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Soon after climate activists and officials from Germany to France reiterated Gore’s calls for Malpass’ ousting, the World Bank leader went on CNN International Thursday to claim he’s “not a denier,” clarifying that he doesn’t “always do the best job in answering the questions or hearing what the questions are.” (Seems like a pretty basic requirement for the globe’s most influential financier, but OK!) That same day, again per the Times, he sent a memo to his staff stating in part, “it’s clear that greenhouse gas emissions from human activities are causing climate change.” Yet the blowback, remarkably, has not abated, both inside and outside the house. Axios reported Friday that the Biden administration is indeed seeking viable ways to expel Malpass, who that same day told a Politico reporter he will not leave his post and that he “should’ve said no” when the Times asked whether he was a climate denier. He further resolved to “accept training from climate scientists to improve his knowledge of the science behind climate change,” according to Politico, leaving free the implication that he knows jack all about the century’s most pressing crisis.

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Shortly after Joe Biden took office in 2021, Malpass had gone from speaking cagily on climate change to explicitly incorporating it into his leadership style, speaking to concepts such as “green growth” and a just transition while also launching a Climate Change Action Plan. Yet environmentalist critics attacked the plan as unambitious and pointed out that the World Bank has not agreed to halt funding of fossil fuel projects. Throughout Biden’s term, climate officials have accused the bank of being nontransparent about its loans, deliberately fudging financing labels to make its climate investments seem larger than they really are, and failing to disburse anywhere near enough money to the countries that need it most for mitigating climate effects.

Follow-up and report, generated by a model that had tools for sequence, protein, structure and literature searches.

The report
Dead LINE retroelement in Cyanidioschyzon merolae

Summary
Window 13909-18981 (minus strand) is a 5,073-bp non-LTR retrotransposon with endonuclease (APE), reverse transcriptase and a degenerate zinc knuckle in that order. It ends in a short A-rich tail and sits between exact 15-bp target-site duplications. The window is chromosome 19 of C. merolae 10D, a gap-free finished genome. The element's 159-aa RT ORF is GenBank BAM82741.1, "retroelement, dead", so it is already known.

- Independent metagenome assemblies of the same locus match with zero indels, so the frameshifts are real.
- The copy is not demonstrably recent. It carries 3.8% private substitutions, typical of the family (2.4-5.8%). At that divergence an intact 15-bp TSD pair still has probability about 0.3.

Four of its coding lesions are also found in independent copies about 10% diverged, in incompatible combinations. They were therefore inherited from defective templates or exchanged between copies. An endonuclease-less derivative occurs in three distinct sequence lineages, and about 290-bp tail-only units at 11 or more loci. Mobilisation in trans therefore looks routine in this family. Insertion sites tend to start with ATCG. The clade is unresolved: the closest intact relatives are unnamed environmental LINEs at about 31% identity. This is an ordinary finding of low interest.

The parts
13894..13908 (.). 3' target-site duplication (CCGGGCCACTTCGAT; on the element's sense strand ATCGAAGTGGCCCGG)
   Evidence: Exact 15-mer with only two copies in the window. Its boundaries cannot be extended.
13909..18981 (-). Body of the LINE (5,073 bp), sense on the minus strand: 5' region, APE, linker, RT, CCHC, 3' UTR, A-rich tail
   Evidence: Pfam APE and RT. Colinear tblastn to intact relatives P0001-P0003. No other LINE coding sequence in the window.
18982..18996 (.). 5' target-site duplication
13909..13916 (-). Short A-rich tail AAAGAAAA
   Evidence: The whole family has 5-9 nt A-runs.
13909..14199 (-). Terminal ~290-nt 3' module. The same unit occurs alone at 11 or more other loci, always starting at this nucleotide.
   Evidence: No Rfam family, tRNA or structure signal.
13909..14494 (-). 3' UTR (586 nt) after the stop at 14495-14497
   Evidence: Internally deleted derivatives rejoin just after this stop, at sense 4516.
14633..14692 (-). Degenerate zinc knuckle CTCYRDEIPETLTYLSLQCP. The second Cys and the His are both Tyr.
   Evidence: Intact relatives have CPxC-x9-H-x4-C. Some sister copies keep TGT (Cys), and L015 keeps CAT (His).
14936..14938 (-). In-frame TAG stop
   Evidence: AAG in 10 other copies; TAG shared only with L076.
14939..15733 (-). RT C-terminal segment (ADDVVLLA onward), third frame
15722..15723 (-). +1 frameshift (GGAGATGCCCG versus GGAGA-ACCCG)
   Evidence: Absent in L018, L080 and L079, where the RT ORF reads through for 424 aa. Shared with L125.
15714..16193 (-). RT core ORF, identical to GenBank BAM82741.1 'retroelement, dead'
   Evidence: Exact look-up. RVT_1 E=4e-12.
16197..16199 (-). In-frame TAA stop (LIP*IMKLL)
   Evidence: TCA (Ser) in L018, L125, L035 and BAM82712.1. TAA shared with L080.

Perhaps part of the reason Malpass has escaped large-scale censure of the kind he’s facing now is that World Bank presidents have not historically been the most distinguished bunch; one particularly infamous example is Paul Wolfowitz, the former Iraq war architect who was forced out of bank leadership after just two years following a corruption scandal.

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But now that Malpass has really stepped in it, it’s worth reflecting on what we’ve learned here. One: When climate change–magnified disasters are near-weekly occurrences, dithering on the science of it all just doesn’t cut it. Two: It’s just not acceptable anymore, on the global stage, to publicly profess any form of climate skepticism (though actions are a different matter). Three: If you’re the head of a massive international institution and have a somewhat sketchy record on, well, just about everything, maybe don’t bring more attention upon yourself by fumbling an interview question about our world’s most urgent issue. Four: Don’t piss off Al Gore, who knows a thing or two about dealing with climate deniers. When it comes to Malpass, especially, Gore has a point: Even if he doesn’t identify as a climate denier, if you look at his record, he functionally is one. And right now, action is far more important than belief.

Future Tense is a partnership of Slate, New America, and Arizona State University that examines emerging technologies, public policy, and society.